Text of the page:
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Connections with Leading Thinkers – Frank Bobe

Matthew Robinson and Niaz Souti of the Accenture Institute for High Performance interview Frank Bobe as part of a research project on Digital Shoring.

As part of the Accenture Institute for High Performance's mission to develop cutting-edge new ideas and insights, researchers often seek the views of academic leaders, business executives and industry analysts. The Connections with Leading Thinkers series captures some of those interviews, showcasing interactions and discussions with some of the world's leading experts.

Entrepreneur in Residence at the Wyss Institute at Harvard University, Frank Bobe, discusses the role of digital technology in enhancing the growth of industrial clusters.

Frank Bobe is Entrepreneur in Residence at the Wyss Institute at Harvard University. Frank was the Founding CEO of SpringLeaf Therapeutics, Inc., a medical device company spun-out of MIT in December 2008 and Seres Therapeutics, Inc., a Flagship Ventures microbiome company which launched its research and development program in June 2012 and went public in 2015.

Prior to moving to Boston, Frank was President and CEO of Bioaxone Therapeutics, Inc., and worked earlier as Novartis’ Representative Director and Country Head in South Korea. Frank has a Ph.D. from the University of California at Davis and an MBA from INSEAD in France.

Matthew Robinson and Niaz Souti from the Accenture Institute for High Performance (AIHP) spoke to Frank on the role of digital technology in enhancing the growth of industrial clusters.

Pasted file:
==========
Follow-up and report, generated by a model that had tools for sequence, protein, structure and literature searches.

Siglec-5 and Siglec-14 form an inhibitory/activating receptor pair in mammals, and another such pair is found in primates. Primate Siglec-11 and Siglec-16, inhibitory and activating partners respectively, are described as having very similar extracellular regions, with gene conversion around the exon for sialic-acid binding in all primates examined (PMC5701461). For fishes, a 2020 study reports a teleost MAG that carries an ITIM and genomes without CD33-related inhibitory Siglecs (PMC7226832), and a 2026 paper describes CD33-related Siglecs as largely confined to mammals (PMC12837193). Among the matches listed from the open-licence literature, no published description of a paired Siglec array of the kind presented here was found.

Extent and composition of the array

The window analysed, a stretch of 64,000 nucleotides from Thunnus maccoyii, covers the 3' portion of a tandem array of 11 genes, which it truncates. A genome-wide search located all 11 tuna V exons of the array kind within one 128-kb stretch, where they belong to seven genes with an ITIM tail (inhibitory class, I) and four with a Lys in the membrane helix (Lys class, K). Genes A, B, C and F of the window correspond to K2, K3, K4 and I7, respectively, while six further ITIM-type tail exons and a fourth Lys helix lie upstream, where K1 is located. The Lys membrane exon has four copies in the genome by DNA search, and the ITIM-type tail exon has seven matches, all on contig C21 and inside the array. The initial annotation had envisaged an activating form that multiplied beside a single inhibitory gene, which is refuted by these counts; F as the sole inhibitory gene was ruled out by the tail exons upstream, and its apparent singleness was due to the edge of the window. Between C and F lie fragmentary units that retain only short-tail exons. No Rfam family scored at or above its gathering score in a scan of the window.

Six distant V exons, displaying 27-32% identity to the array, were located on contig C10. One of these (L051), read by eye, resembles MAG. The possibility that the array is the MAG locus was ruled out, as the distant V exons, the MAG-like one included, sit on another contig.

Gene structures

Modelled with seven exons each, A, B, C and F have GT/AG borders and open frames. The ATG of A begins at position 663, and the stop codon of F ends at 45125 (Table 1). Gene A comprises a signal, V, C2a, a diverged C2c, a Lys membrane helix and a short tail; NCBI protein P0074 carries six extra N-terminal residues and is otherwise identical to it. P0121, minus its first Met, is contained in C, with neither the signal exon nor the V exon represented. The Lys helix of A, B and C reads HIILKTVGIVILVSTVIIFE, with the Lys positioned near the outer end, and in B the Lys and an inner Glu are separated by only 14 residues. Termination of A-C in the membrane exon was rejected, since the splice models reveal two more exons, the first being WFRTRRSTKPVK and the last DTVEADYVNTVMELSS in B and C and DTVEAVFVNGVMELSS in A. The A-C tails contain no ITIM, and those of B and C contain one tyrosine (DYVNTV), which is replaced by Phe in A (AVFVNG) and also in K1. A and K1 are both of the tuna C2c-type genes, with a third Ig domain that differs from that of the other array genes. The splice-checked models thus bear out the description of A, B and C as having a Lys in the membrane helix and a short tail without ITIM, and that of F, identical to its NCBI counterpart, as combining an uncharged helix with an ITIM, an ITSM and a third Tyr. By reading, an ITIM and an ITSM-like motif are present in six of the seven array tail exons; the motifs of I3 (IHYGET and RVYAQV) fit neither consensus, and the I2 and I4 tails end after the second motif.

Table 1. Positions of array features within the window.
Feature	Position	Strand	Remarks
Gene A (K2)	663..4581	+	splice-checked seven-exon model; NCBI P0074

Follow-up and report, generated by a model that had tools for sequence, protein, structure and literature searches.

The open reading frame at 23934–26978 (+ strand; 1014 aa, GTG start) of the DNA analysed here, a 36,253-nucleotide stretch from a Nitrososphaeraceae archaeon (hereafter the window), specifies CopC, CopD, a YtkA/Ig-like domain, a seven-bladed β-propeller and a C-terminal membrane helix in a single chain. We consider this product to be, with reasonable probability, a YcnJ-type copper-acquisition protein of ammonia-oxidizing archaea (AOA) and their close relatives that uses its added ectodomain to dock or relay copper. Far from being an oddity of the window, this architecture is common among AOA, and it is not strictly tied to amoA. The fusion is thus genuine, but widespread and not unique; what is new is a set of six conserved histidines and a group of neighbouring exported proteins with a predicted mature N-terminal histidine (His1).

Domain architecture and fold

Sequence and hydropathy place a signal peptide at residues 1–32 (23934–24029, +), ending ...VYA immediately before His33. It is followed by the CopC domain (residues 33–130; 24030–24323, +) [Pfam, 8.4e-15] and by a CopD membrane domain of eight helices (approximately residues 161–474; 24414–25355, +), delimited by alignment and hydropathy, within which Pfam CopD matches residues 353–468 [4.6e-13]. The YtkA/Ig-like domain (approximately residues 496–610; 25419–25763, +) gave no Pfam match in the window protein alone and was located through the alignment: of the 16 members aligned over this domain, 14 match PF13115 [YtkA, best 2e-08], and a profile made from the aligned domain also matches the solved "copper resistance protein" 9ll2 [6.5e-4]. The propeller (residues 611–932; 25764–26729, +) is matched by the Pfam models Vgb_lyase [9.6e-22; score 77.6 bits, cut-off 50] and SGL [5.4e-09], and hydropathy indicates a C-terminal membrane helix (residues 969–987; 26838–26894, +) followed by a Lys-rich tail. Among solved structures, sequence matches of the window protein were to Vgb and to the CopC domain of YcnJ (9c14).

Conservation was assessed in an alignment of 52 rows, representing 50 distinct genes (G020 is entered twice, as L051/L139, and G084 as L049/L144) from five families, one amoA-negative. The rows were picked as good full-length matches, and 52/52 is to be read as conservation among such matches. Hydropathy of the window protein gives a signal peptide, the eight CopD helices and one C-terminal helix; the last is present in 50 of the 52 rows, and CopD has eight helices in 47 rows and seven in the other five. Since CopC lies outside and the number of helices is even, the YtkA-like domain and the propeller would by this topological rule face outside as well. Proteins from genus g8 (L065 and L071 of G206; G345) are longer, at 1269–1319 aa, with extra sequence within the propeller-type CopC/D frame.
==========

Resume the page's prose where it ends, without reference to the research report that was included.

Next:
What can you say about the culture of the cluster, and the way relationships work within it?

The Boston Life Sciences ecosystem is complex, bringing together different disciplines and actors, including academic institutions, pharmaceutical and biotechnology companies, investors and business service industries. But note that any cluster is people-first: Companies succeed and fail because of the people. The technology counts, but the people are the main thing. People interact with their local environment first, and companies start off as very local organizations. Investors are not just hands-on at first, but hands-in. The closeness associated with being there in person is important, and is part of the cluster’s culture.

You mention that close proximity is important. What role is played by universities and the anchor institutions? How do they engage with the cluster? And do they collaborate with each other?

Harvard and MIT have close relationships with the industry and are pretty good at it. Harvard’s Wyss Institute for Biologically Inspired Engineering, where I am based, is very important. We have team members from many disciplines, and they are working in interdisciplinary project teams, which is not always easy but so vital. Often, academic groups work on their own instead of across disciplines. It is difficult to step out of that and work across disciplines. One motivator for change is funding, and those funding the research are asking for closer collaboration between disciplines to reach better results.